Clean fuel is one of global shipping’s hottest topics as the International Maritime Organisation (IMO) 2020 deadline for a global sulphur limit in fuel oil used on board ships is fast approaching.
And as European Commissioner for Transport Violeta Bulc stated in her speech during last night’s official opening ceremony of Posidonia 2018, the world’s most prestigious shipping trade event, the European Union’s ‘Vision of Zero Emissions from transport by 2050’, would have additional long-term implications for shipowners worldwide.
“The global sulphur cap brings valuable opportunities for the EU manufacturing industry and Europe is leading the development on the use of LNG as a fuel for shipping, which attracts strong interest also in other regions of the world.”
Indeed, the future of maritime transport is inescapably linked with the welfare of people and the planet. This is why a global approach on decarbonisation and environmental sustainability is very much a hot topic on the exhibition floor at Posidonia 2018, where shipbuilders, engine manufacturers and scrubber providers are showcasing their clean fuel plans and strategies vying to attract the attention of shipowners and fleet operators.
But how are the big players from the Far East positioned in the race for clean fuel supremacy? China, Japan and Korea, who hold impressive newbuilding order pipelines from European and Greek shipowners, have once again fielded their impressive Pavilions at Posidonia with the imposing presence of their shipbuilding companies.
Tohru Kitamura, Executive Vice President of Mitsubishi Shipbuilding Company said: “We are already prepared for the installation of LNG fuel vessel for various types of vessel, but in Japan the domestic Japanese owners have not decided yet which way to go, LNG fuel, crude fuel or other types of fuel.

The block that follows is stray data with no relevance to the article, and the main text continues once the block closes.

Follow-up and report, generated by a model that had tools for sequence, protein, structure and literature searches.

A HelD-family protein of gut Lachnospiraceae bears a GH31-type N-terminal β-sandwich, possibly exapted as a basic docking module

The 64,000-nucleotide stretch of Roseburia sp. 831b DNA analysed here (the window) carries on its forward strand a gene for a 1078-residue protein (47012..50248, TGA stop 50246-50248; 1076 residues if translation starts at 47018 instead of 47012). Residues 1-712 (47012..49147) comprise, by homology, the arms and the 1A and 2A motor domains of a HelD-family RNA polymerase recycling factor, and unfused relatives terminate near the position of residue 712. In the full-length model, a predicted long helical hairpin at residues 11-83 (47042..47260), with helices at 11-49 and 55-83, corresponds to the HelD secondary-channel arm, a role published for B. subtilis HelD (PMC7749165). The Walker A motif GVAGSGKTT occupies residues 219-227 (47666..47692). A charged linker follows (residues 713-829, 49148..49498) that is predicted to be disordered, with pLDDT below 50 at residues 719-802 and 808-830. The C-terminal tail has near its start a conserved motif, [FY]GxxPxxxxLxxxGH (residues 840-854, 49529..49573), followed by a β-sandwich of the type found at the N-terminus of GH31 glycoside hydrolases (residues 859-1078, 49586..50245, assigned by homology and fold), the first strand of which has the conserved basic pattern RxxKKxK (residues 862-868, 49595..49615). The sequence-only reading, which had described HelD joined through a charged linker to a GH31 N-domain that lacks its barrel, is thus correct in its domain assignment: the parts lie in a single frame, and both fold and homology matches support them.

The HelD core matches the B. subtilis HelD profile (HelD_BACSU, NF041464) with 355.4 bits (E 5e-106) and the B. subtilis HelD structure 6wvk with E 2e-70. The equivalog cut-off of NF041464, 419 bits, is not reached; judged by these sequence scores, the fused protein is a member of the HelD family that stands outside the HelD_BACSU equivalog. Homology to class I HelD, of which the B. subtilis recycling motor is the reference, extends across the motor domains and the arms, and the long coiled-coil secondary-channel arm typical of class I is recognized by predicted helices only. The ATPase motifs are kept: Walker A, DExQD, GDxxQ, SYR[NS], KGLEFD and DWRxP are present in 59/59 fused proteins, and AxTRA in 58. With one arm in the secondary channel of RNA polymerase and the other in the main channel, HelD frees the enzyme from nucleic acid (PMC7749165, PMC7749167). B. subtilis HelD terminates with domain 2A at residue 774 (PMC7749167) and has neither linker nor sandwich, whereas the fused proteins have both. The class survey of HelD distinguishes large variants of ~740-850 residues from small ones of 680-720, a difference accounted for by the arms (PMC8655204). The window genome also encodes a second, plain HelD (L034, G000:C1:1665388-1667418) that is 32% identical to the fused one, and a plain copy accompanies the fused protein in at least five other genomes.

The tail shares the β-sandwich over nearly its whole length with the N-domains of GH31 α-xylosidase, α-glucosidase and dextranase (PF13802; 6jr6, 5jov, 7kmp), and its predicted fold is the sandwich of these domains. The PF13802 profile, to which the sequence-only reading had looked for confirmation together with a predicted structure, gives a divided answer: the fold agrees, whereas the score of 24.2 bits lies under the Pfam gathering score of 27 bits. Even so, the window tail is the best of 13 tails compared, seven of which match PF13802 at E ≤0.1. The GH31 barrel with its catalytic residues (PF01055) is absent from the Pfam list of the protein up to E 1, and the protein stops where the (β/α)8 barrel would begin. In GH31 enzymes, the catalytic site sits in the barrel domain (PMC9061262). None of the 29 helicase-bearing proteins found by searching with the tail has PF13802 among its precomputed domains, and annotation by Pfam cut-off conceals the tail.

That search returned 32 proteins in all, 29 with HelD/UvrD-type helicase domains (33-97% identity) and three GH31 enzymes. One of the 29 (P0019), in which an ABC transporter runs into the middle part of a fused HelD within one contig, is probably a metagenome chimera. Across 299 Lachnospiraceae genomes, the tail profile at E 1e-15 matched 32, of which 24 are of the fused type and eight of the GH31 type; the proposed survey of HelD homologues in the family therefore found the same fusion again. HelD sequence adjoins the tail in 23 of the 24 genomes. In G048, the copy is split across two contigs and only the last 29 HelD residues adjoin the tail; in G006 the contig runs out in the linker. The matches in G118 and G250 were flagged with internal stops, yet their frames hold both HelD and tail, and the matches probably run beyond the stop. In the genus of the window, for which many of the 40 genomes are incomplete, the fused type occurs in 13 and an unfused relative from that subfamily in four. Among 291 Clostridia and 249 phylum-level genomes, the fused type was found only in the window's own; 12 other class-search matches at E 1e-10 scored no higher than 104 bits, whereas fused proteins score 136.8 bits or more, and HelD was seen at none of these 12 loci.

“At least 4,500 vessels belong to domestic owners and of the total newbuilding order book of Mitsubishi, international shipowners account for less than half of our production.
“At Mitsubishi we have various kinds of technologies regarding fuel for example ethanol and LPG fuel.
“There is an increasing environmental consciousness in Japan as a result of the looming 2020 deadline and several owners will decide to apply our own scrubber system, others will select the low sulphur fuel system and moreover in Japan there are many kinds of small cargo vessels with small gross tonnage and those owners have not yet decided.”
Kitamura was speaking at Posidonia 2018 where he signed a Letter of Intent with China’s Cosco Shipping for the manufacturing of a new scrubber demo test facility.
Steven Zhang, Head of Repair & Conversion Department, COSCO Shipping said: “LNG is the future and it is a big part of China’s environmental policy. Our government is very strict on the protection of the environment. We have similar regulations in China. We have a main area for low sulphur oil burning during the vessel discharging process. We are researching how to retrofit the main engine with LNG tanks and are investing in partnership with GTT, a French LNG solution provider, who are supporting us on the LNG retrofitting project. More and more LNG vessels are discharging in China and docking in China.”
Also at Posidonia today, a new LNG Bunkering project, ‘probunkers’, was launched. The multimillion dollar global-scale project offers the opportunity to invest in two fundamental and dynamic industries, Shipping and Energy.
The newly-formed company will design, build and operate a fleet of modern, eco-friendly LNG bunkering vessels to brace the ever-changing needs of global shipping. The project involves: Planning, Financing, Implementation, Operations and Sales. It will have a three-tier role, as Physical supplier, LNG Trader/Seller and Barge owner and operator. The three-fold business model includes investment, trading and finance elements. The multi-layer model involves operations, LNG buying and selling, logistics and marketing.
Posidonia 2018 is being held from June 4 – 8 at the Athens Metropolitan Expo. The event is organised under the auspices of the Ministry of Maritime Affairs & Insular Policy, the Union of Greek Shipowners and the Hellenic Chamber of Shipping and with the support of the Municipality of Piraeus and the Greek Shipping Co-operation Committee.